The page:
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Building the Global Nuclear Energy Order Book

By Niko McMurray & David Gattie 
Real Clear Wire

The outlook for nuclear power is bright on the world stage. Global demand for clean nuclear energy is higher than we have ever seen. The U.S. and 20 allied nations pledged to triple global nuclear energy capacity by 2050 at COP28, and a multinational survey reaffirmed last year — the world wants new nuclear. 

In Washington, D.C., bipartisan support for nuclear energy has never been greater. Propelled by the House passing the ADVANCE Act 393-13 this month and momentum for passage in the Senate, Congress deserves some credit this year for working to help speed up the deployment of next-generation reactors, fueling hope for an American future powered by clean energy. 

This support is promising, but masks a concerning trend. While the U.S. leads the world in the development of innovative nuclear technologies, the U.S. has fallen behind China and Russia. As of May 2024, Russia and China collectively have 29 commercial reactors under construction. The U.S. has zero. 

The prospect of reinvigorating production in the U.S. is exciting, but we have to think bigger to realize the promise of the next generation of nuclear energy — and now is the moment to capitalize. So, how do we get it done?

Private companies need to secure the necessary investments and build the infrastructure required for their technologies. Interest in next-generation reactors is already high and is only expected to grow, so we need new sources of funding to meet the moment. Throughout the history of nuclear innovation, first movers have been critical to attaining the “proof of concept,” and new reactors are no different. Once the potential of these technologies is realized, the order book for energy users can follow, and more capital will be available to developers.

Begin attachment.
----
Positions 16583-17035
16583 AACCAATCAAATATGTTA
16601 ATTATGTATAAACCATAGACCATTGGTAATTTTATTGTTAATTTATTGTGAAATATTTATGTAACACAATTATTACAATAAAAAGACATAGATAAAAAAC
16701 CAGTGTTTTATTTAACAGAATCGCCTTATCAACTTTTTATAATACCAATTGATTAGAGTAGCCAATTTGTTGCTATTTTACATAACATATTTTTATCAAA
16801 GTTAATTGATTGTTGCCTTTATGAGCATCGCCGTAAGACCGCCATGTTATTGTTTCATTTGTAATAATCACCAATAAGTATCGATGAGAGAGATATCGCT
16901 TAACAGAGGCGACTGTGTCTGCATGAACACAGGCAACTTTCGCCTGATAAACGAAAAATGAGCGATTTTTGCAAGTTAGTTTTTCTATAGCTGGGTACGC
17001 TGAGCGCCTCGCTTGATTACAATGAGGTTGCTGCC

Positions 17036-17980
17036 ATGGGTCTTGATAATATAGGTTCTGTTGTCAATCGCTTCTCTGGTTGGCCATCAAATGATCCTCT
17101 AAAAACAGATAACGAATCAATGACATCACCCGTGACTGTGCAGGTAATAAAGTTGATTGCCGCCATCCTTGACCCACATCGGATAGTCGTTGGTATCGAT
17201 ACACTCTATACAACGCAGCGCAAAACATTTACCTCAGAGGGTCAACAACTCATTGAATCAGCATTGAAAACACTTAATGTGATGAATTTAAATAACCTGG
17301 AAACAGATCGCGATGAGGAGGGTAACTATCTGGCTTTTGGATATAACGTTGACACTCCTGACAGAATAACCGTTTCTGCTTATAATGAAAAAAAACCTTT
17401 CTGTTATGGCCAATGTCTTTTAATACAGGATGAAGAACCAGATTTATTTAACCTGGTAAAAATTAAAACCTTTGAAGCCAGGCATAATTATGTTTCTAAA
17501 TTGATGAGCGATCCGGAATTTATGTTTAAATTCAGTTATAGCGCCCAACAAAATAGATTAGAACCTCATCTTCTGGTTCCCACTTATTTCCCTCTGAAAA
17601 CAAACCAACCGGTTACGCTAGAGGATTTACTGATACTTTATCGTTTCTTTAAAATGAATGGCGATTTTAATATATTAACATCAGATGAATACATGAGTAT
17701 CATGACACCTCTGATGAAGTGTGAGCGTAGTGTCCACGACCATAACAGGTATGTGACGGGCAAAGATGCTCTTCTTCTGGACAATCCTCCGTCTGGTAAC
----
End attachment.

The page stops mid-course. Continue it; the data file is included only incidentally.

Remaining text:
Due to the need for more reliable energy, the nuclear industry is seeing significant interest from both traditional and non-traditional customers. Utilities continue to consider adding nuclear energy capacity, and data centers and industrial customers are also considering new nuclear. For example, the partnership between X-energy and Dow in Seadrift, Texas, demonstrates the diverse applications of nuclear energy, as the proposed reactor will replace retiring systems to produce clean energy for the chemical facility. With nuclear power, industrial companies can continue to utilize reliable and affordable energy for their operations, cleanly. The project came to fruition with the support of the Department of Energy’s Advanced Reactor Demonstration Program (ARDP), a prime example of how federal government and private industry partnerships can make advanced nuclear technology a reality. In addition to X-energy, the DOE is partnering with TerraPower, which just submitted its construction permit to the NRC, to build its first reactor in Kemmerer, Wyoming.

To meet demand and compete in the market, the industry must build an order book to encourage commercial investment in new nuclear projects. Expanding to global customers bolsters the U.S. market and encourages international trade, but we cannot export technology we are not building here. With a diverse and more robust customer base, companies can attract significant investments while achieving cost reductions.

However, it is important to make sure that U.S. companies can compete on the global stage to counter the growing influence of Russia and China. Updates to civil nuclear export regulations, developing an export strategy and increasing access to financing from entities like the U.S. Export-Import Bank and International Development Finance Corporation will be critical. Partnering with allied nations and supporting the development of technical expertise in countries that are interested in building these new designs will be needed as well. 

Building a robust order book and increasing commitments from both domestic and international customers can help build momentum to commercialize next-generation facilities. The U.S. can finish what it started: ensuring the deployment of new nuclear projects will provide clean, reliable and affordable energy globally.

Niko McMurray is the Managing Director of International and Nuclear Policy at ClearPath.

Dr. David Gattie is an Associate Professor at the University of Georgia’s College of Engineering, a Senior Fellow at UGA’s Center for International Trade & Security and a member of the Nuclear Matters Advocacy Council. 

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